You (or your family member) will need to be medically capable for traveling in order to qualify. You’ll also need to insure your entire trip (not just the flight, for example) in order to qualify for a waiver.

pre-esiting medical conditions

These steps are crucial to obtaining a pre-existing medical conditions waiver, because if you purchase a policy without one, insurance companies may look to deny your medical claim for reimbursement based on what’s called a “look-back period.”

What is a look-back period?

A look-back period is a specified timeframe that insurance companies examine to assess the stability of your health condition. This period is crucial in determining whether a particular medical condition qualifies as pre-existing. This is what an insurance company will use to assess your claim for medical bills if you do not have a pre-existing medical conditions waiver.

During the look-back period, the insurance provider reviews your recent medical history to check for any changes or developments in your health. The purpose is to identify any new official diagnoses, medical treatment, medications, or alterations in your condition. If your health remains stable within this defined period, it is less likely to be classified as a pre-existing condition. The length of the look-back period can vary between insurance companies and policies. Commonly, it ranges from a few months to a couple of years.

Will travel insurance be more expensive if you have pre-existing medical conditions?

Yes, travel insurance premiums can be higher if you have a pre-existing medical condition. Travel insurance companies assess the risk of covering individuals with pre-existing conditions (among other factors) and as a result, they may charge higher premiums to account for potential medical expenses or trip cancellations related to those conditions. Some policies may actually exclude coverage for pre-existing conditions altogether – so be sure to read the fine print carefully.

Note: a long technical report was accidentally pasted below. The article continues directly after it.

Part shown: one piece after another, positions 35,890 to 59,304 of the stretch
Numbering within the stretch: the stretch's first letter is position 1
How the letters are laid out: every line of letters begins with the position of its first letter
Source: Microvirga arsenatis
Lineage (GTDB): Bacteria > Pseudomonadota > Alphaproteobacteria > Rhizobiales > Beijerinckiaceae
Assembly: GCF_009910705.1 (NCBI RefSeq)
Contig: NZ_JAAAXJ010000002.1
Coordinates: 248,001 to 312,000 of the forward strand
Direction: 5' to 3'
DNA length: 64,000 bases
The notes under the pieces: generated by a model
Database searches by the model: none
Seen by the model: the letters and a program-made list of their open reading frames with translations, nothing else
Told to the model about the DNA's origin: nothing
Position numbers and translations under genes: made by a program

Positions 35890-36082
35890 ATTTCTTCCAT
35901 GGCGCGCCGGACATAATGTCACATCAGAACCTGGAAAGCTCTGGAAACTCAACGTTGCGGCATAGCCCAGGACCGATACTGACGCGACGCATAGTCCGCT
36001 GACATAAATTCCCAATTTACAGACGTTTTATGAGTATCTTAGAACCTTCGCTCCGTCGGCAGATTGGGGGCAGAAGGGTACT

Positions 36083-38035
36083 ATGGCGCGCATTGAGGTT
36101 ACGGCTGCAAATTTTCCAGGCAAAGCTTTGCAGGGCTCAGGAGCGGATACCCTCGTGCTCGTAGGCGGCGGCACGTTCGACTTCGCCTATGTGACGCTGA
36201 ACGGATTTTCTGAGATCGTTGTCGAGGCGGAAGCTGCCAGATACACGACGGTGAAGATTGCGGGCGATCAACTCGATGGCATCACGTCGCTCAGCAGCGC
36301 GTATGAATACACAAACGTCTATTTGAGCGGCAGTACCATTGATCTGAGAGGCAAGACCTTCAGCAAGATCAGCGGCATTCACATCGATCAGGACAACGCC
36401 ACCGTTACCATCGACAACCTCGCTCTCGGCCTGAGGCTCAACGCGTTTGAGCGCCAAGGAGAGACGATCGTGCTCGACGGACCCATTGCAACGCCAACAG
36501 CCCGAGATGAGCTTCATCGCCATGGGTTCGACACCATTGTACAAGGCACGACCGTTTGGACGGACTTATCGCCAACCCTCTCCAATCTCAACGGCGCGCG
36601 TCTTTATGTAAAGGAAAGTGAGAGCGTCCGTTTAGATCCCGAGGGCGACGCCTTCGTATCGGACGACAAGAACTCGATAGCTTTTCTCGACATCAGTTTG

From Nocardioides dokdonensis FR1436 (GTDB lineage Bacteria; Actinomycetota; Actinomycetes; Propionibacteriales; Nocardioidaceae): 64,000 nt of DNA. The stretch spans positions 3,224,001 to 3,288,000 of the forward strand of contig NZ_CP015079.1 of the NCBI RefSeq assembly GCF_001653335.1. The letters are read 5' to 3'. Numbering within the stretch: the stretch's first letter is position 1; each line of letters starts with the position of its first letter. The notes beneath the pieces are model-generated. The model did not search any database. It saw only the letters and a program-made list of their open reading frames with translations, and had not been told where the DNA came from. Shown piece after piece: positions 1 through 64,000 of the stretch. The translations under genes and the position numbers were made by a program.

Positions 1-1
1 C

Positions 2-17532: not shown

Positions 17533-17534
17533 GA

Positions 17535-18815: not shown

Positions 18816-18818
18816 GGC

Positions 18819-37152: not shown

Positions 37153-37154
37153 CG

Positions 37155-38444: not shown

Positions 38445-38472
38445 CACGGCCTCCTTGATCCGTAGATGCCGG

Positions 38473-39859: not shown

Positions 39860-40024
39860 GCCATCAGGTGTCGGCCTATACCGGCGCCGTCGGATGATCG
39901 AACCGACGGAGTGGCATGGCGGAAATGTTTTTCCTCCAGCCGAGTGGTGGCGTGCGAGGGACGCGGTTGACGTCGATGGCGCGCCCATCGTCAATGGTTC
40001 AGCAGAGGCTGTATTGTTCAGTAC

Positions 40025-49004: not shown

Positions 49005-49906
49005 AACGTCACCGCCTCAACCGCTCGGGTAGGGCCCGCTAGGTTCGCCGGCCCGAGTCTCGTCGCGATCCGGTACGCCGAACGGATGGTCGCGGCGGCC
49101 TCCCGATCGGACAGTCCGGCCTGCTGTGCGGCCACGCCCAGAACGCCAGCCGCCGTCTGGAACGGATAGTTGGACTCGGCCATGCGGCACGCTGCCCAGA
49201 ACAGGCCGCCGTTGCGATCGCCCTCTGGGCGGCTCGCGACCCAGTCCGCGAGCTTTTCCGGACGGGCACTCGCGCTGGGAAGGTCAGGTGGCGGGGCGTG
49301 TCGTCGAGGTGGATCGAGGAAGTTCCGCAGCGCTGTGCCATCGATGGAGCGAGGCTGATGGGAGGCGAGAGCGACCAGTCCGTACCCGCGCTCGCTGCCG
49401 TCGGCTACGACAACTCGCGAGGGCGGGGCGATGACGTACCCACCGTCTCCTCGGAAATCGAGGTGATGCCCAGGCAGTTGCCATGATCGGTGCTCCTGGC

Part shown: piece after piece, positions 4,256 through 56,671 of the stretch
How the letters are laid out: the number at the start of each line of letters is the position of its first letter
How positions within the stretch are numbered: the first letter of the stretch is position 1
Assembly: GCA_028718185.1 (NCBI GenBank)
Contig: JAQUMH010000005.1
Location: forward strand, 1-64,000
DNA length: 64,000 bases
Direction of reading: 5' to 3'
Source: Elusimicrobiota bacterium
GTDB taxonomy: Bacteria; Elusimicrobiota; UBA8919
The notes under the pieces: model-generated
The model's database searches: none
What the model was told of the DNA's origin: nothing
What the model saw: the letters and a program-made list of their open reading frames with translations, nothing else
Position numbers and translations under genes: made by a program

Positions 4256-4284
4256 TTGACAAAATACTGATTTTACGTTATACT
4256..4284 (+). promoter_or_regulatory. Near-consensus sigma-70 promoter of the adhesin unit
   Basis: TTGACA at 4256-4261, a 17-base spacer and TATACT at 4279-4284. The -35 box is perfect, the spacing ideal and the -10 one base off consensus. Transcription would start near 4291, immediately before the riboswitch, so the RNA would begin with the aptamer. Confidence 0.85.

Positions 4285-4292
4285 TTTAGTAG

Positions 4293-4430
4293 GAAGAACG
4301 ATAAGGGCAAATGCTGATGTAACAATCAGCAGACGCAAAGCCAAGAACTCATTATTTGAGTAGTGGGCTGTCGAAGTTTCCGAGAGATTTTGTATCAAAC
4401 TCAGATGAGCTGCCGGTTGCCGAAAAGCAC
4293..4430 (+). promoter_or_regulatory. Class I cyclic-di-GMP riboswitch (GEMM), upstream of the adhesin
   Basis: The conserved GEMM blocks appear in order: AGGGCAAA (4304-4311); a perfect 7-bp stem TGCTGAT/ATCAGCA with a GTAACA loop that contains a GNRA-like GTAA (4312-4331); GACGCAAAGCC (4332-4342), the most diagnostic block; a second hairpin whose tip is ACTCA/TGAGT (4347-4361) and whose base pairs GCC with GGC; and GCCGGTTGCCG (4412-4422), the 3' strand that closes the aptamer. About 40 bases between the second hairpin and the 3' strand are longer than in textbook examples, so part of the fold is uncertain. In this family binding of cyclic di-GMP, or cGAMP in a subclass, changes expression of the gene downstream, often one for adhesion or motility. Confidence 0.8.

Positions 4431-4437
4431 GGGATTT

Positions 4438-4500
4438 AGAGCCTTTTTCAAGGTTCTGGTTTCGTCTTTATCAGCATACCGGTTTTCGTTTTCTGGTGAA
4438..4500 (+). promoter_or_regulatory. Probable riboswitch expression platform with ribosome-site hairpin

Finding travel insurance coverage for pre-existing medical conditions

Now that you know the lay of the land, here are some tips for finding travel insurance that will cover your pre-existing medical condition.

Get quotes from reputable insurance companies

We know it’s a bit anticlimactic, but the simplest and most reasonable solution is to just purchase comprehensive plans from reputable travel insurance companies with full disclosure about your medical condition. Two great options are:

Note: Comprehensive plans are much different than so-called “flight insurance plans” you buy from the airline. These will definitely not have any medical coverage, much less coverage for pre-existing conditions.

For Emergency Assistance Plus members, TripInsure Plus is a great option because it acts as the perfect complement to your travel assistance protection. Get full protection with maximum financial efficiency. Get a free quote from TripInsure Plus.

tripinsure plus

We recommend getting quotes from multiple travel insurance companies so you can compare coverages and costs.

For serious conditions, try specialist medical sites